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My Halloween Reads

It’s only two weeks until Halloween so I thought I’d tell you a little bit about my Halloween reads. I’ve owned The Diviners by Libba Bray for two and a half years so I’m excited to finally read it. I’ve just got to be prepared for gruesome murders across 1920s New York City. Watch the creepy trailer! I also thought it was time to select another book from my Roald Dahl box set, so of course The Witches was the perfect choice. I’m hoping to catch the adaptation on TV this month! And lastly, I’m going to get the chance to start the Lockwood & Co. series and read The Screaming Staircase and the sequel The Whispering Skull by Jonathan Stroud. I’ve seen nothing but positive reviews for these books, which see teen ghost detectives spending the night in one of the most haunted houses in England, and trying to escape alive. Spooky!

(I’ve also blogged about more Halloween reads at the end – tell me what you’ll be reading!).

My Halloween Reads

My Halloween Reads

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Top Ten / Lies, Lying and Liars

I never lie; I think it’s immoral and abhorrent. I wouldn’t even think of doing it. I only ever read books that are one hundred percent straight with the reader because I prefer it when fictional characters tell the absolute truth. And I definitely wouldn’t write a blogpost about characters who lie, about plots that aren’t what they seem, and authors who, quite frankly, should know better.

Top Ten / Lies, Lying and Liars

Lies We Tell Ourselves by Robin Talley is set during 1959, while the battle for civil rights is raging. It’s Sarah Dunbar’s first day of school, as one of the first black students at the previously all-white Jefferson High. No one wants Sarah there, especially Linda Hairston, daughter of the town’s most ardent segregationist. Sarah and Linda have every reason to despise each other. But as a school project forces them to spend time together, the less their differences seem to matter. Because it’s one thing to be frightened by the world around you – and another thing altogether when you’re terrified of what you feel inside.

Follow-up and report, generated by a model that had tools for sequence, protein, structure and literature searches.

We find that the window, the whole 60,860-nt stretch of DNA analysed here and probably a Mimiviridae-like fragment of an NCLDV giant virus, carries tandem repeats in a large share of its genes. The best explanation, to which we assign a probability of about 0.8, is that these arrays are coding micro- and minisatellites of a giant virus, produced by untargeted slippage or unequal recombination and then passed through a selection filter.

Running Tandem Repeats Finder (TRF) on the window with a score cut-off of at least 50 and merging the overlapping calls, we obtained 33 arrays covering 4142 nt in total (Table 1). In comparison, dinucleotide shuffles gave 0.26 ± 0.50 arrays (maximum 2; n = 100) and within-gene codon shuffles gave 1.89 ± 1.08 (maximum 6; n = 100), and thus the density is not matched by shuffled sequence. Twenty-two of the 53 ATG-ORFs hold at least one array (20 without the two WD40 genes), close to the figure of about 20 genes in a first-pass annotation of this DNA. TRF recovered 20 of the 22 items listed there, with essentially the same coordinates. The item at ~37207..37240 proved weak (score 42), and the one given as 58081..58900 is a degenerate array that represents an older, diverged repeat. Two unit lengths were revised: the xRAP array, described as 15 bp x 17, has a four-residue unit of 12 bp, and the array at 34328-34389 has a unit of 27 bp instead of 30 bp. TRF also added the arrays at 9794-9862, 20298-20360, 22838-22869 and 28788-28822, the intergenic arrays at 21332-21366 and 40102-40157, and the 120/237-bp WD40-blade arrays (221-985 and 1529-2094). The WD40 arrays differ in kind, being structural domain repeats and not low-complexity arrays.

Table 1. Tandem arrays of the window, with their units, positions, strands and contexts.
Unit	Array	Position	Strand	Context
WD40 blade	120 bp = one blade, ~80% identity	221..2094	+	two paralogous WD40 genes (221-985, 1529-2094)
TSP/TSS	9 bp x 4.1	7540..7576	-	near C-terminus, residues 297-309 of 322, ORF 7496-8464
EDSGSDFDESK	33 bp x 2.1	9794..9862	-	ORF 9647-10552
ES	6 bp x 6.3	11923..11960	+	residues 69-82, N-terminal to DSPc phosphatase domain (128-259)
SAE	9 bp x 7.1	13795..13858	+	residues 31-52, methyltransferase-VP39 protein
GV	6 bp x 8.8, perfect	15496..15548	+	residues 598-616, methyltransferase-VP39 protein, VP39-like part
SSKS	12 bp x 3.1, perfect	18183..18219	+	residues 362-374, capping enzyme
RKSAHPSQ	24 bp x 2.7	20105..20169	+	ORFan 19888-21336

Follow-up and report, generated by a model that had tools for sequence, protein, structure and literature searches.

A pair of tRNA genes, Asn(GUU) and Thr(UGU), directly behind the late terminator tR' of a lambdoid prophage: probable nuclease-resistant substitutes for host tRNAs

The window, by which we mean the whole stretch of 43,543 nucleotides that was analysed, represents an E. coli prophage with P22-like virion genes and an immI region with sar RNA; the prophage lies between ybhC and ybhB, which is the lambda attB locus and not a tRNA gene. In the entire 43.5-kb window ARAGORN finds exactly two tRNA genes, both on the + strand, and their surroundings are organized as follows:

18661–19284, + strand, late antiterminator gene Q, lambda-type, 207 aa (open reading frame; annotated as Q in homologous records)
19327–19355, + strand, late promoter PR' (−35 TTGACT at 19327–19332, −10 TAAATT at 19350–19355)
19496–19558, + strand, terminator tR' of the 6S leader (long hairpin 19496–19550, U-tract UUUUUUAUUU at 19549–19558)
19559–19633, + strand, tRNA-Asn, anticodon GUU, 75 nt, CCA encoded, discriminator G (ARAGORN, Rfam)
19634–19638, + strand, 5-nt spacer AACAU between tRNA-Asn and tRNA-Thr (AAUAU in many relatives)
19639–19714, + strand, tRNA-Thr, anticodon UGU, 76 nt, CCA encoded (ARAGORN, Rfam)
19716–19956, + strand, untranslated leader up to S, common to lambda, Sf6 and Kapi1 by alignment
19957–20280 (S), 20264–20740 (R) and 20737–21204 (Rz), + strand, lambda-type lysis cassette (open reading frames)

There Will Be Lies by Nick Lake (January 2015) tells us that in four hours, Shelby Jane Cooper will be struck by a car. Shortly after, she and her mother will leave the hospital and set out on a winding journey toward the Grand Canyon. All Shelby knows is that they’re running from dangers only her mother understands. And the further they travel, the more Shelby questions everything about her past—and her current reality. Forced to take advantage of the kindness of unsuspecting travelers, Shelby grapples with what’s real, what isn’t, and who she can trust . . . if anybody.

Love, Lies and Lemon Pies by Katy Cannon follows Lottie. Since her dad died, life hasn’t been the same for Lottie. But when the school suggest she joins Bake Club to get her back on track, she reluctantly agrees. Her uncertainty about Bake Club melts away as she rekindles her love of baking and gets caught up with Mac, the school rebel. Both Lottie and Mac have secrets to keep, and as Bake Club progresses towards an end-of-year competition, the tension rises between the members.

Liar and Spy by Rebecca Stead is one of my favourite middle grade novels. Georges (the s is silent) is having trouble with some boys at school, his dad lost his job and so his mum has started working all the time – and they had to sell their house and move into an apartment. But Georges meets Safer, an unusual boy who lives on the top floor. He runs a spy club and their current case is to spy on the mysterious Mr X. But as Georges and Safer go deeper into their Mr X plan, the line between games, lies, and reality begin to blur.